Contact: Asheville Convention & Visitors Bureau, PO Box 1010, Asheville, NC 28202-1010, 800-257-1300 or 828-258-6102, http://www.exploreasheville.com/

6. Columbia, SC
Columbia, the capital city of South Carolina and home of the University of South Carolina, is an exciting place for art lovers. Museums, galleries, musical concerts and theatrical performances make the cultural life of Columbia rich indeed. The Koger Center for the Performing Arts is home to the South Carolina Philharmonic offering a smorgasbord of musical events throughout the year. The city supports about 10 professional theater groups which perform at various venues such as the 1855 Greek Revival Longstreet Theatre, Trustus Theatre, Chapin Community Theatre and others. The city also has a marionette theatre, one of only 20 in the country. Finlay Park serves as the backdrop for productions by the South Carolina Shakespeare Company. The city’s premier art museum is the Columbia Art Museum, known for its collections of European and American art, decorative arts and modern-day crafts, as well as its outstanding educational program. The McKissick Museum on the USC campus is known for its collections of folk art, minerals and gemstones and the Baruch Silver Collection. In addition, the university’s outstanding cultural events are a plus. The Columbia Metropolitan Convention Center gets rave reviews for regional artists’ works depicting the Riverbanks Region.  Annual festivals and special events add extra excitement to Columbia, as do activities in the nearby towns of Irmo and Lexington.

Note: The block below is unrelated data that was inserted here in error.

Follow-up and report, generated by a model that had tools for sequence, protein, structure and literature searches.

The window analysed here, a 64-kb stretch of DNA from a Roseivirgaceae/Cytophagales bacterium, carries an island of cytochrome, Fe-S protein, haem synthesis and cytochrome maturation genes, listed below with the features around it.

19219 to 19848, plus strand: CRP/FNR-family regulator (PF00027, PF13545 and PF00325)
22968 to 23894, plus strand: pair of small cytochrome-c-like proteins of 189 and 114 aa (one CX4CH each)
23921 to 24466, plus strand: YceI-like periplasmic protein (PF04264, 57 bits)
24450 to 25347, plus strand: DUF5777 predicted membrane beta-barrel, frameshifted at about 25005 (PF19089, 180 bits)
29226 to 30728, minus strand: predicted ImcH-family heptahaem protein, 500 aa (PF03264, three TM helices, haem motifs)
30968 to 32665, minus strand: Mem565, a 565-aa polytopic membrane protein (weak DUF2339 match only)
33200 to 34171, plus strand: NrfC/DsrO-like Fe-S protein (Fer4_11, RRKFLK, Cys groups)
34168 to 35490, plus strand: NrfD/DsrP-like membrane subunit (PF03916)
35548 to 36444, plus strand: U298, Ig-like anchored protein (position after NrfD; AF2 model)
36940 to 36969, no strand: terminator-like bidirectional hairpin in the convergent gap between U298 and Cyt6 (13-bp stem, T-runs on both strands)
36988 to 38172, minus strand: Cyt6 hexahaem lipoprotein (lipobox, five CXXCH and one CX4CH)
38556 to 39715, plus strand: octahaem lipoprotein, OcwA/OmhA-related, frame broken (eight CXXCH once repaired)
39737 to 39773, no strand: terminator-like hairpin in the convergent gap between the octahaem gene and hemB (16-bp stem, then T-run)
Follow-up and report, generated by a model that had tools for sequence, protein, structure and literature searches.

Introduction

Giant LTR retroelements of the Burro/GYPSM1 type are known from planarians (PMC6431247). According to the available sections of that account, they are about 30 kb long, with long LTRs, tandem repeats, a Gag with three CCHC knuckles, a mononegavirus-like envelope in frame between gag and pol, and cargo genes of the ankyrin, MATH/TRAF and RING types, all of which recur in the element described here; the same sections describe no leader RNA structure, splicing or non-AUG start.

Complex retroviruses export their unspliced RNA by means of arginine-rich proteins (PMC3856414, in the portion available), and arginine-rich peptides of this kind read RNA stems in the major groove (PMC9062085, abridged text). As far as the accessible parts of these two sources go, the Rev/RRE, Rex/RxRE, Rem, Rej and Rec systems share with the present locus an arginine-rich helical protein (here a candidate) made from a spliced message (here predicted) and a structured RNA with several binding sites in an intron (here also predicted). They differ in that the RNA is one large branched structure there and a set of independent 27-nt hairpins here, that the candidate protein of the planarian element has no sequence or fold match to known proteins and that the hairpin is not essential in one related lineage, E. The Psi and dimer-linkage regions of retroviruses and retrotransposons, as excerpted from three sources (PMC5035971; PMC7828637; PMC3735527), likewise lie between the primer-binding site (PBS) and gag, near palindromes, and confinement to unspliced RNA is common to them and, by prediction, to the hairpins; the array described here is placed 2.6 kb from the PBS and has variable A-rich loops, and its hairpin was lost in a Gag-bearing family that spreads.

Contact: Columbia Metropolitan Convention and Visitors Bureau, PO Box 15, Columbia, SC 29202, 800-264-4884 or 803-545-0001; http://www.columbiacvb.com/

7. Greenville/Spartanburg Area (SC)